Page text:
I am taken by the value we place on some lives and complete lack of acknowledgement and devaluation of others. There is selective empathy at work. As someone studying solidarity building across differences, I desperately desire the collective rage I am witnessing to be shared during all acts of violence against humanity. Why the collective silence on some issues and outright outrage over others? How do we as a society begin shifting our understanding of who matters and who doesn’t? Does it take us all suiting up, joining the military, and serving our nation and its citizens to make the masses comprehend all lives are valuable?

What about those who were triggered in so many ways from the events that unfolded in Ottawa? Not enough media outlets are sharing where folks can go for support and resources. How do parents and those who parent explain such events to their children without perpetuating racist, xenophobic, Islamaphobic rhetoric? How do we better plan for lockdown procedures so those that are pregnant and expecting, those differently- abled and folks generally with various needs and restrictions are thought of during planning for these moments? What about the racialized men who fit the description of the shooter? The girls and women who choose to wear scarves, hijabs and burqua’s who inevitably will get the collective side-eye from the public who now feels empowered and entitled to do so? What about the young white woman murdered the very next day in Québec who got less media attention? Does her life matter? And if so, where does she fall on the spectrum of those we give value to? There are so many pieces that are being left out of the media and we need to be cautious.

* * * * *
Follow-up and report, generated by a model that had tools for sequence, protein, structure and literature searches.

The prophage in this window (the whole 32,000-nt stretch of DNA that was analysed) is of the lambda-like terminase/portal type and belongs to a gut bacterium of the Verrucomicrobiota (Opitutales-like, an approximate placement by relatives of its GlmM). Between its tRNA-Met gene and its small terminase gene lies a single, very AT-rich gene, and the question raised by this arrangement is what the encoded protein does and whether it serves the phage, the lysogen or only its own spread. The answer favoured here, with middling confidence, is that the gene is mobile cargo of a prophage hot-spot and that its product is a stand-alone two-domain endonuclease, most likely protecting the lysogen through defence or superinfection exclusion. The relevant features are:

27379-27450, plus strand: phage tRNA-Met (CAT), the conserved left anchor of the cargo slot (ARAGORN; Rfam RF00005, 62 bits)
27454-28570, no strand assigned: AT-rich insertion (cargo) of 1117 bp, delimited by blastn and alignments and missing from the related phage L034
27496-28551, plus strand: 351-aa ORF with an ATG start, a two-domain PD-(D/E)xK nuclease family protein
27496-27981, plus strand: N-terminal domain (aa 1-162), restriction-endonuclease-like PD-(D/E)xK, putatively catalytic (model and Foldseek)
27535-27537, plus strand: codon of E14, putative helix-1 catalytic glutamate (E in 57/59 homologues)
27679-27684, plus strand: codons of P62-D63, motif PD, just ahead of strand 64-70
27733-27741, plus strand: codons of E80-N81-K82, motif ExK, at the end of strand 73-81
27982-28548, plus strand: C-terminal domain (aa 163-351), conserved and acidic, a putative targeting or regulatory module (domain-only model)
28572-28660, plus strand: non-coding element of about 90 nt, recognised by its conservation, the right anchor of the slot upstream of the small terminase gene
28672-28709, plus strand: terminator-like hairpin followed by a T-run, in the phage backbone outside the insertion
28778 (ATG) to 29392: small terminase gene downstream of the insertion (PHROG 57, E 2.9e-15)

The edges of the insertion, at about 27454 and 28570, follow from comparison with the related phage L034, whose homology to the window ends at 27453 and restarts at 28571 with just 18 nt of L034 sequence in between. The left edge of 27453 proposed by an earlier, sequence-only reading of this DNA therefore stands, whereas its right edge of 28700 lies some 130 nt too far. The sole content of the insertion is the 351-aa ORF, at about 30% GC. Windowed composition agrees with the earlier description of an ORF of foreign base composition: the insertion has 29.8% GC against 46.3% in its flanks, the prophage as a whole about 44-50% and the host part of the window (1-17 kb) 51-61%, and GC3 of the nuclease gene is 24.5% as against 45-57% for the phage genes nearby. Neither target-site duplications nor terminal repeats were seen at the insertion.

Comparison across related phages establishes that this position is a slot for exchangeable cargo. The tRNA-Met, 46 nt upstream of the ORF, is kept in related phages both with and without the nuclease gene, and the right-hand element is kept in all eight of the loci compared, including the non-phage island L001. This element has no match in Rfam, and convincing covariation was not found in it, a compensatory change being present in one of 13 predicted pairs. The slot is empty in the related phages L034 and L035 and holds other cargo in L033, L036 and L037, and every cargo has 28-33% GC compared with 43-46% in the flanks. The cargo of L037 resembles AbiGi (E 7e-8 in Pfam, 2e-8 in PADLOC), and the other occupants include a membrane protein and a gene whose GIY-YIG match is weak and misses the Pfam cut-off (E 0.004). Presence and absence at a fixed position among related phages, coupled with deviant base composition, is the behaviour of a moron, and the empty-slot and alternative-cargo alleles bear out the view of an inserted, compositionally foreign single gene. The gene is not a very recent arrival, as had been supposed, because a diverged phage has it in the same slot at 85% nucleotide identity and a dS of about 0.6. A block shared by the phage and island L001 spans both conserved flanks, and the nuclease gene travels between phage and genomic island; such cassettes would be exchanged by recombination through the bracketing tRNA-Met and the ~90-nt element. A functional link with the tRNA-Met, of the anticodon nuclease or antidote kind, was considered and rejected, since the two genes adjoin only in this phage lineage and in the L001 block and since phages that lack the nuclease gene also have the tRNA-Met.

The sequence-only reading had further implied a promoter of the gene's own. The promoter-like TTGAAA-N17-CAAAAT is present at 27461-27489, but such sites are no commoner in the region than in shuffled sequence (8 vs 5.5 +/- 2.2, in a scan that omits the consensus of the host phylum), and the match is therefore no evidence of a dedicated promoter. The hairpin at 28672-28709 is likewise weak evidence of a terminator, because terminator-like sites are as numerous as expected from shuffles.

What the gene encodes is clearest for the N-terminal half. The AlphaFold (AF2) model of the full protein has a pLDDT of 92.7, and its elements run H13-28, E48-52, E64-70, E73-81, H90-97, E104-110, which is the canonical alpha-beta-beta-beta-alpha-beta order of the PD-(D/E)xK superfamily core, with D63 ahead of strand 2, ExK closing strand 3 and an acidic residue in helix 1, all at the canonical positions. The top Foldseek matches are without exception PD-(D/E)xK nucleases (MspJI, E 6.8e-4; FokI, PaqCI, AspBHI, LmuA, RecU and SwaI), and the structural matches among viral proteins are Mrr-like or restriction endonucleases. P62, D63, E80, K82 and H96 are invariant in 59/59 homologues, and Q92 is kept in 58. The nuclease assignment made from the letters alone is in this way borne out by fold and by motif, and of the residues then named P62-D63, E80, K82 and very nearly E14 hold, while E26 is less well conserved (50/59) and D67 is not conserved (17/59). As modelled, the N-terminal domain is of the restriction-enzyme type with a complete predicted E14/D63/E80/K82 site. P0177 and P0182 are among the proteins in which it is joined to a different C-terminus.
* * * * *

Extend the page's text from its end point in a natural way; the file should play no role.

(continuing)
I am not saying that threats to the nation are not real. Nor do I want to presume that men and women in the military are not valuable. Indeed, they are. To many, they are heroes who risk their lives. They have been and continue to be members of our families. But I can also yearn for a time when we are also acknowledging that all lives matter. That trans* women matter. That  violence against children, girls and women is not okay and also deserves outrage.That Indigenous/ First Nations/ Aboriginal/ Métis women matter. What would it be like to live in a world where officers in uniform aware of their amplified risk  after Wednesday’s attack, where officials were the targets, connect their vulnerability to black men who are also hyper aware of their black skin, when so many are being gunned down by police officers? How beautiful to not silence folks for feeling passionate about all lives, who like so many military families in collective mourning, know the pain of losing someone in their community?